Pointing gestures, vocalizations and gaze: two case studies

Abstract : Conventional symbolic gestures like pointing appear at the end of children's first year. Gesture-word combinations can be observed in their second year as the transition towards two-word speech. But before gestures are combined with words, gaze and vocalizations complement them. These combinations might already carry pragmatic, social and semantic functions. We explore the issue of pointing/vocalization/gaze combinations with data taken from two longitudinal follow-ups of French-speaking children aged 8 to 23 months. Our analyses show that gaze alone, or prosody alone, do not seem to have a discriminating role in differentiating the traditional functions of pointing (proto-imperative versus proto-declarative). Prosody in gesture/vocal combinations seemed to be an earlier, more discriminating feature than gaze in indicating children's positioning to their interlocutor and their use of differentiated social-pragmatic functions. Our results show that no feature alone can help interpret "pointing events" but that fine-grained correlations between pointing gestures, prosody, gaze, nature and position of the target, position of the participants, interpretation of the adult could help distinguish between the different functions of "pointing events".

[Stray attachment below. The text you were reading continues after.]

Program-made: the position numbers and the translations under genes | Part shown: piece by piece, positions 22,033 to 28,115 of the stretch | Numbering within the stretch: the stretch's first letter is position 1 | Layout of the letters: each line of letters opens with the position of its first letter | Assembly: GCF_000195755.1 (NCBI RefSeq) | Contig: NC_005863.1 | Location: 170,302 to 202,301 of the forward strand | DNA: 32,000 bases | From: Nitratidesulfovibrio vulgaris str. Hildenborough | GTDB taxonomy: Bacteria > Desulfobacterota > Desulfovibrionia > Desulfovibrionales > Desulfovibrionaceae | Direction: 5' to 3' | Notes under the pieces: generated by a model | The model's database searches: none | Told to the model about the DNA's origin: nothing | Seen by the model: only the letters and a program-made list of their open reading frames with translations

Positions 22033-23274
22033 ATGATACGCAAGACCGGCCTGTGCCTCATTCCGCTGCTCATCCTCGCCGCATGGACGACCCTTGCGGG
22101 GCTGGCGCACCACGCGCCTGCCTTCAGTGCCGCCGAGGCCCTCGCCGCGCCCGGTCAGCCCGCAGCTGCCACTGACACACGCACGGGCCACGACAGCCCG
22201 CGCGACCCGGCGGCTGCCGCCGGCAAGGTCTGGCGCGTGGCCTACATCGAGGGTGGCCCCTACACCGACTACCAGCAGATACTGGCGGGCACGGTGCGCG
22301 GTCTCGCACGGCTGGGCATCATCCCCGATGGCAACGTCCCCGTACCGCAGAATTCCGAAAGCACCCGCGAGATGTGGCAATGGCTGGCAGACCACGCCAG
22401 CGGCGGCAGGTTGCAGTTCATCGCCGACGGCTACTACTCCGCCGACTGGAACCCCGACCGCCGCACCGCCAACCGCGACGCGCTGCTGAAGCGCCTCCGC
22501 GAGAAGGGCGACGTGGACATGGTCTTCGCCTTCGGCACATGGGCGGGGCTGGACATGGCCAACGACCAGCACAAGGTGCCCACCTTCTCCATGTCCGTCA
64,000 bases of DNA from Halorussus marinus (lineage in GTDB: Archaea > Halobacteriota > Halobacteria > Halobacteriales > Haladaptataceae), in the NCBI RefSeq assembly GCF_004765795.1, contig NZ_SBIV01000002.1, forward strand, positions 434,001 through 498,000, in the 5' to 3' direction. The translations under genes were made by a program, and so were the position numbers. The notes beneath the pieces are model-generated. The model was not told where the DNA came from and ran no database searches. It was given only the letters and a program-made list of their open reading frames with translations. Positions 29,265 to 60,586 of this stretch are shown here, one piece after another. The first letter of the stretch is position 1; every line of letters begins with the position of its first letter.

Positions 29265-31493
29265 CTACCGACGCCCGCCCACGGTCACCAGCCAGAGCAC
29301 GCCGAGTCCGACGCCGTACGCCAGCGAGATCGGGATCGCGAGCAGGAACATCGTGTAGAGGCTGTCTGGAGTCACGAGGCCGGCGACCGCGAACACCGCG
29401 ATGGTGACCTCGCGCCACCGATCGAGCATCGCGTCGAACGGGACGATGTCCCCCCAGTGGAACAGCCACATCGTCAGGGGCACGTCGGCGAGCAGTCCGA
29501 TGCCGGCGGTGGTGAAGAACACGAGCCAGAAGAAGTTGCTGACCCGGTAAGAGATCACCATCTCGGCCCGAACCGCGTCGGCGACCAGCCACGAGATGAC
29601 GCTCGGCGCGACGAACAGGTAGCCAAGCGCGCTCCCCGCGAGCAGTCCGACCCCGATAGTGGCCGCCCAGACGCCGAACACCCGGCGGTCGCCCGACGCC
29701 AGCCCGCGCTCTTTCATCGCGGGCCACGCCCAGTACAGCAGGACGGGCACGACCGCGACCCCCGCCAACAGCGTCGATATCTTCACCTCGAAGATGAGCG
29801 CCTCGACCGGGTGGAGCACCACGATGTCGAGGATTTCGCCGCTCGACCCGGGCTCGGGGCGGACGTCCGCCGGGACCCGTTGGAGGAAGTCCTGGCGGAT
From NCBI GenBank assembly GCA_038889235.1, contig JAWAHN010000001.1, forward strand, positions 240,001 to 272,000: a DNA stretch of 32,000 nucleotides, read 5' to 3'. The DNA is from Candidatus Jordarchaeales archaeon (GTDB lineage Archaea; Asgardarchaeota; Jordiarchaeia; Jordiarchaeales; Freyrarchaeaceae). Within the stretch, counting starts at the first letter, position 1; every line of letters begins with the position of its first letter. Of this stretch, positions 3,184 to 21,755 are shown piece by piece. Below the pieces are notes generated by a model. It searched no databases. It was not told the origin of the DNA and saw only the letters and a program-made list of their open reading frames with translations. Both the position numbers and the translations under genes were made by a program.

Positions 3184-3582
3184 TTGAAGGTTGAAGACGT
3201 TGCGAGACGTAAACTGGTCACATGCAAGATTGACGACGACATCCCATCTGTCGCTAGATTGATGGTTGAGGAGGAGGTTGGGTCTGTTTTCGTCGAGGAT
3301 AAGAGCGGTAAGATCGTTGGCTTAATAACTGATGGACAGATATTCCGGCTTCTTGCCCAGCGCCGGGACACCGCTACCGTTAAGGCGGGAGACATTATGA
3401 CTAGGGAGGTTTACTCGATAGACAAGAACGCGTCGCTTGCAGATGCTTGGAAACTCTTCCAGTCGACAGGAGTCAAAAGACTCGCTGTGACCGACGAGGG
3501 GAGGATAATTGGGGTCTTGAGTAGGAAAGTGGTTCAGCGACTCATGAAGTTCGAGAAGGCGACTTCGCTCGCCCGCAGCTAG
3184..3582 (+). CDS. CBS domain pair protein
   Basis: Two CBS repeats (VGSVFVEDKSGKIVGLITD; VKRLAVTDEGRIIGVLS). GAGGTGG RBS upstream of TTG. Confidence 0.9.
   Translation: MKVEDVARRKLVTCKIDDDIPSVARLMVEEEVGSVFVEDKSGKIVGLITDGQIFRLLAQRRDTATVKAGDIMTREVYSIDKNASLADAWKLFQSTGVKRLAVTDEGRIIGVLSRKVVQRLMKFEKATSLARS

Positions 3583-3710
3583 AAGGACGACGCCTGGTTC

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Jordan Zlatev, Marlene Johansson Falck, Carita Lundmark and Mats Andrén. Studies in Language and Cognition, Cambridge Scholars Publishing, pp.261-275, 2009
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Marie Leroy, Emmanuelle Mathiot, Aliyah Morgenstern. Pointing gestures, vocalizations and gaze: two case studies. Jordan Zlatev, Marlene Johansson Falck, Carita Lundmark and Mats Andrén. Studies in Language and Cognition, Cambridge Scholars Publishing, pp.261-275, 2009. 〈halshs-00376184〉

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